France names pro renewable energy minister

By Pamela Largue, Smart Energy International Editorial

Former green lawmaker, Francois de Rugy, has been named France’s energy and environment minister, replacing environmental activist Nicolas Hulot.

De Rugy will be responsible for preparing President Emmanuel Macron’s energy-policy road map for the next ten years, which aims to reduce the use of nuclear power.

He will find opposition from Electricite de France SA, the operator of the nation’s 58 atomic reactors, which is trying to convince Macron to build new reactors to replace part of its aging fleet.

The appointment of the new energy minister was welcomed with mixed opinions, especially from environmentalists.

“He’s not the most vocally anti-nuclear person you’ve ever met,” said Charlotte Mijeon, a spokeswoman for Sortir du Nucleaire, a French anti-nuclear energy association. “He’s always been seen as quite moderate, eager to make compromises.”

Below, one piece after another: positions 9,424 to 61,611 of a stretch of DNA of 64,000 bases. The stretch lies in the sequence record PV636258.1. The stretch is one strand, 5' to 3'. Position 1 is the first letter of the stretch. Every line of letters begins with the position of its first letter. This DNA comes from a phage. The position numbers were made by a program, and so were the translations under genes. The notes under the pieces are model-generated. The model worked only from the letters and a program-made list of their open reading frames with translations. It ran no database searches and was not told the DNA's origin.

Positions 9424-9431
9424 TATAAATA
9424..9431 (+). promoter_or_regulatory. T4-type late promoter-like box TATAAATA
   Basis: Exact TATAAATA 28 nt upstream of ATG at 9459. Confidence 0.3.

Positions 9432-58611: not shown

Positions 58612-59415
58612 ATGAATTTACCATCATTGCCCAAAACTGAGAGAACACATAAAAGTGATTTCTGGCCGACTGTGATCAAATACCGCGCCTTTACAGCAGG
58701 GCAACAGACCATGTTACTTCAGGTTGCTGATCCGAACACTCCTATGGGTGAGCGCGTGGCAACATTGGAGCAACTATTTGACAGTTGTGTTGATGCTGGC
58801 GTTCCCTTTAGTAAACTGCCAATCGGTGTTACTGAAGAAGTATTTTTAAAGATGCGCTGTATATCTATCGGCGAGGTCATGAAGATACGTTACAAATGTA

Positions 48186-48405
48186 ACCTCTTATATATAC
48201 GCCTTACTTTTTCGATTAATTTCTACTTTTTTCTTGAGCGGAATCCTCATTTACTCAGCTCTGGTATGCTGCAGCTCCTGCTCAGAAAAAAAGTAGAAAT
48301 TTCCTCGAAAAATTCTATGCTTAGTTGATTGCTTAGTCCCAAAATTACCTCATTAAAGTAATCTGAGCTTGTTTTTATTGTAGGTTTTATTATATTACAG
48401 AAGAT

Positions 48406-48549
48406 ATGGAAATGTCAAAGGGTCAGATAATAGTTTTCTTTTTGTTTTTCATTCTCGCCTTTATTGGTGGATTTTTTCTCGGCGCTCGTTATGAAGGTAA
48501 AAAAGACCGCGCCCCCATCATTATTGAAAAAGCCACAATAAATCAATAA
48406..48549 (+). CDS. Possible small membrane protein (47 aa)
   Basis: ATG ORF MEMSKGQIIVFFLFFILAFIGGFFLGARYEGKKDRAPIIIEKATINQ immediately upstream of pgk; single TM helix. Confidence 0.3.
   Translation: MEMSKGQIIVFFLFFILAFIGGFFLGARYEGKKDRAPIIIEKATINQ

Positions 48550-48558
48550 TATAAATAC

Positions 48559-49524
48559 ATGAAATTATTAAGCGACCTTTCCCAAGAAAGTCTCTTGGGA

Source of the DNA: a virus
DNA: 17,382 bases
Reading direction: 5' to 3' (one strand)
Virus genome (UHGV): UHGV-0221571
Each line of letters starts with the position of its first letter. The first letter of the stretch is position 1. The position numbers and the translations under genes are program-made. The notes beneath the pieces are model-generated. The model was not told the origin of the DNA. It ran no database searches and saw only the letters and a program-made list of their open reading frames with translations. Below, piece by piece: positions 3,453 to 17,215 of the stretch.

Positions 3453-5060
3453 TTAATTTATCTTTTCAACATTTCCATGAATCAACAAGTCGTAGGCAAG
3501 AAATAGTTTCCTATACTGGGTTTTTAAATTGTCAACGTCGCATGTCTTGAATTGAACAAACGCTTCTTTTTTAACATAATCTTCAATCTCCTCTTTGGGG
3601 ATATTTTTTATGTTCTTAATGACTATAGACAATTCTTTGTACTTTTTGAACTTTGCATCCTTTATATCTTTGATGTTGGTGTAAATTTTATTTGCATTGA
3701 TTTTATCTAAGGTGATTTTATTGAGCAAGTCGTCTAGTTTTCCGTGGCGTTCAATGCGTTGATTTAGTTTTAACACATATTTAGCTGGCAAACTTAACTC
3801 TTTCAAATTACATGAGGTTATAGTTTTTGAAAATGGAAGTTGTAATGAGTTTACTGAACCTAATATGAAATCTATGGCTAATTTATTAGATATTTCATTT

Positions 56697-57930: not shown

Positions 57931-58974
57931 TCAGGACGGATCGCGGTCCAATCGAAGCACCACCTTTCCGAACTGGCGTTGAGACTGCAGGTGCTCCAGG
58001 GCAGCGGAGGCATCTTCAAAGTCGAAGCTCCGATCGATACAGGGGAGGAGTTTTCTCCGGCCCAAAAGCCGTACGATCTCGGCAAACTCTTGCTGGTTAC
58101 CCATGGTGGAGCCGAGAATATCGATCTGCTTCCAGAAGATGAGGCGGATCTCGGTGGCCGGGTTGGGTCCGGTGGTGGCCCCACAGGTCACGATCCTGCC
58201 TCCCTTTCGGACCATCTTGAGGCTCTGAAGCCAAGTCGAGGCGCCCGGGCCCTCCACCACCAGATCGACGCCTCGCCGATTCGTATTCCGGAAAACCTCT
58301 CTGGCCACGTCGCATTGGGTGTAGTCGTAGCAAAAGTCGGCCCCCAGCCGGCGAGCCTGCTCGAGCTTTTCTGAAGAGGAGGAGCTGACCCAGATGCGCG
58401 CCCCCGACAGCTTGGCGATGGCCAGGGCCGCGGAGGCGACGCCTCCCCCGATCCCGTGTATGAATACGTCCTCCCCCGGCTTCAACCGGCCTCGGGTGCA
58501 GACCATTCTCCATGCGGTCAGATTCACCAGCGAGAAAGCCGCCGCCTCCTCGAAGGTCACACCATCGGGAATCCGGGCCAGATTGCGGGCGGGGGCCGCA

“He has a history of commitment to the environment, particularly with his anti-nuclear stance. The fear is that without any change on the part of Emmanuel Macron, there is little chance Francois de Rugy will do any better than Nicolas Hulot,” said Jean-Francois Julliard, head of Greenpeace France.

Daniel Bour, Chairman of Enerplan, a federation of solar power companies, welcomed De Rugy’s appointment and urged him to continue his predecessor’s efforts to develop clean energies.

Macron picked the professional politician to stabilise his administration and raise the lowest approval ratings since May 2017.

Rugy was previously speaker of France’s lower house. In the early 1990s he joined the Generation Ecologie political movement and continued his local political career focused on green movements. In 2017, he sought the left’s nomination for the presidential race but won just 3.8 percent of the vote.

This article was first published on Smart Energy International and was reprinted with permission.

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The Clarion Energy Content Team is made up of editors from various publications, including POWERGRID International, Power Engineering, Renewable Energy World, Hydro Review, Smart Energy International, and Power Engineering International. Contact the content lead for this publication at

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